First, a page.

The same football cabal that did for Kate Hoey as Labour's sports minister 10 years ago apparently has it in for Tory incumbent Hugh Robertson.
It was the ear-blowing campaign orchestrated by some of the game's power-brokers which led to Hoey being replaced because the then Prime Minister Tony Blair was shamefully persuaded, via Burnley fan Alastair Campbell, that she was not "on message" with football's interests. Now it seems Robertson is being targeted – quite unjustly – for the same reason.
We hear prickly Premier League and FA bigwigs are less than enamoured that Robertson has delivered some timely home truths – principally that football needs to be governed better and is the worst run of all major sports in this country. He called governance arrangements around the FA "a disgrace" and says they are "stuck in a time warp".
His call for radical reform, with Government regulation as a last resort, clearly rattled the football hierarchy, and pressure is being put on his boss, Culture Secretary Jeremy Hunt, to bring him to heel. The hope is that Robertson, 48, will be encouraged to stick to his guns, not least by a PM who claims to support plain speaking.
There are many – this column included – who believe he is doing a decent job and like Hoey, is right to minister to all sports, not just football.
Caborn on the ropes
By coincidence, one of Robertson's sports ministerial predecessors is also under political pressure. Not content with the downfall of the Amateur Boxing Association of England's chief executive Paul King after his abortive bid to unseat the powerful AIBA boss Dr C K Wu, the Swiss-based governing body now seem to be gunning for Richard Caborn, the ABAE president.
AIBA insiders say that only "regime change" is likely to appease Dr Wu, the Taiwanese architectural billionaire who designed Milton Keynes. Caborn and GB Boxing's chairman Derek Mapp are blamed by AIBA for Britain not having a franchise in Dr Wu's new baby, the pro-styled World Series Boxing. Both Caborn and Mapp rightly felt it was uneconomic with the Olympics looming.
Subsequently AIBA exhumed the rule that bars GB's highly regarded, pro-connected head coach Rob McCracken from tournaments under their jurisdiction, including the World Championships and Olympics. This bout could end up in court.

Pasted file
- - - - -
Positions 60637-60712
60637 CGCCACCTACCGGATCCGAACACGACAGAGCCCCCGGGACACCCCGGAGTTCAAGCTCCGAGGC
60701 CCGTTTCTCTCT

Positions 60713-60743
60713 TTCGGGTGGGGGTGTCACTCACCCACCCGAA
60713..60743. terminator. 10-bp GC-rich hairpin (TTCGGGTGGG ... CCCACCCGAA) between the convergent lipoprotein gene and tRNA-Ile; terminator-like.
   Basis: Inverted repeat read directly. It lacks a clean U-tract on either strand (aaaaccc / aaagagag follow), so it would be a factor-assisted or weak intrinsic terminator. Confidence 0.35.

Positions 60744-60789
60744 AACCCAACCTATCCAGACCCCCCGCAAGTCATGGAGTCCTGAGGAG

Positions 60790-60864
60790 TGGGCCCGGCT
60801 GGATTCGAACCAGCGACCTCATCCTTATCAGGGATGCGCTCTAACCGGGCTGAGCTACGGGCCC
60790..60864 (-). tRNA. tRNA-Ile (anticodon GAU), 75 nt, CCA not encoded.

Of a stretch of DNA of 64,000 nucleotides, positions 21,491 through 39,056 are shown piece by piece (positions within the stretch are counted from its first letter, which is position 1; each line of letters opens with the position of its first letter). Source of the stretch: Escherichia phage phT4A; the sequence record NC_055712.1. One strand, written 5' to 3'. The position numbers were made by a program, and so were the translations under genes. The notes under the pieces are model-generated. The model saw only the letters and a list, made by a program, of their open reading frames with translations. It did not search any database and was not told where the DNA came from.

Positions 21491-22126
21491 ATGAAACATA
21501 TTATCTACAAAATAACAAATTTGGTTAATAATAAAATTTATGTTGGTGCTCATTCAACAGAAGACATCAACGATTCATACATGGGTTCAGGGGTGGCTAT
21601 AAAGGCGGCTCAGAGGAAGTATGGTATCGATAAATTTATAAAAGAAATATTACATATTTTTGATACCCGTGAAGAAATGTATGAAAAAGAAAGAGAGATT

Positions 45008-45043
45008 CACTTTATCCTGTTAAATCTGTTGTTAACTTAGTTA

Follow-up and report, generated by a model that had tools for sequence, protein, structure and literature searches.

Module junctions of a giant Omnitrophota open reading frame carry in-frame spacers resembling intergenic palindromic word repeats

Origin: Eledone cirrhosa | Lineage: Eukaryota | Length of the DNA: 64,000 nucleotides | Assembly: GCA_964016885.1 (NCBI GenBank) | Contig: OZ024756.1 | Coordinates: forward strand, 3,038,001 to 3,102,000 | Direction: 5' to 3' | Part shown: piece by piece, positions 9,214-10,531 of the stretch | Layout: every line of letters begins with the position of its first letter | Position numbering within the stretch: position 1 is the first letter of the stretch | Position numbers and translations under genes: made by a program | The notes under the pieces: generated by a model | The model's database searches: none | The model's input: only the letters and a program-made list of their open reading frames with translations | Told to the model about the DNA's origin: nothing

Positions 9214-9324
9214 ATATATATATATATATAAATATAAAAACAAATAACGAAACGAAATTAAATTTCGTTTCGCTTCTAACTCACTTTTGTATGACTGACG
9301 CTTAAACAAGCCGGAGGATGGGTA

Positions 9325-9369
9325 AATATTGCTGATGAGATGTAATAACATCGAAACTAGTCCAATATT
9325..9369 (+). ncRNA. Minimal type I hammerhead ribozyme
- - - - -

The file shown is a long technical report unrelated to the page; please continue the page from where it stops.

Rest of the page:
Finger-wagging for Hearn
Had Barry Hearn acted as he did in the ring at Manchester last week in his capacity as chairman of Leyton Orient FC, furiously haranguing the referee and calling him "a disgrace", surely he would have been up on an FA charge.
But boxing being boxing, the promoter of Amir Khan's victim Paul McCloskey can expect merely mild finger-wagging from the Board of Control despite showing more aggression than his fighter. Hearn considers his own finger-wagging in the face of the Puerto Rican arbiter Luis Pabon who, on doctor's orders, stopped the fight prematurely, totally justified.
Of more concern to the Board will be the shambolic build-up and aftermath of the three-tiered promotion. I understand the security company in charge of the MEN Arena want clarification from the Board as to exactly who should be allowed in the ring after the fight. On Saturday it was more crowded than a Tokyo tube station at rush hour, with hordes of Khan aides and acolytes.
Also worrying was Khan's low-key display against a pedestrian opponent, leaving us to wonder how much the unseemly pre-fight distractions – and making the weight – affected him. Yet despite the chaos, a near 17,000 sell-out and 70,000 pay-per-view hits on Primetime shows there's no such thing as bad publicity.
Blatter on the offensive
Sepp Blatter is embarking on a charm (some might say smarm) offensive to win the backing of a still resentful FA for his re-election as Fifa president. Having hired a Brit, former Sun sports editor turned broadcaster Brian Alexander, to run his publicity campaign he is also to write a regular column for the UK-based website insideworldfootball.biz – hoping to prove, no doubt, that the pen is mightier than the sward.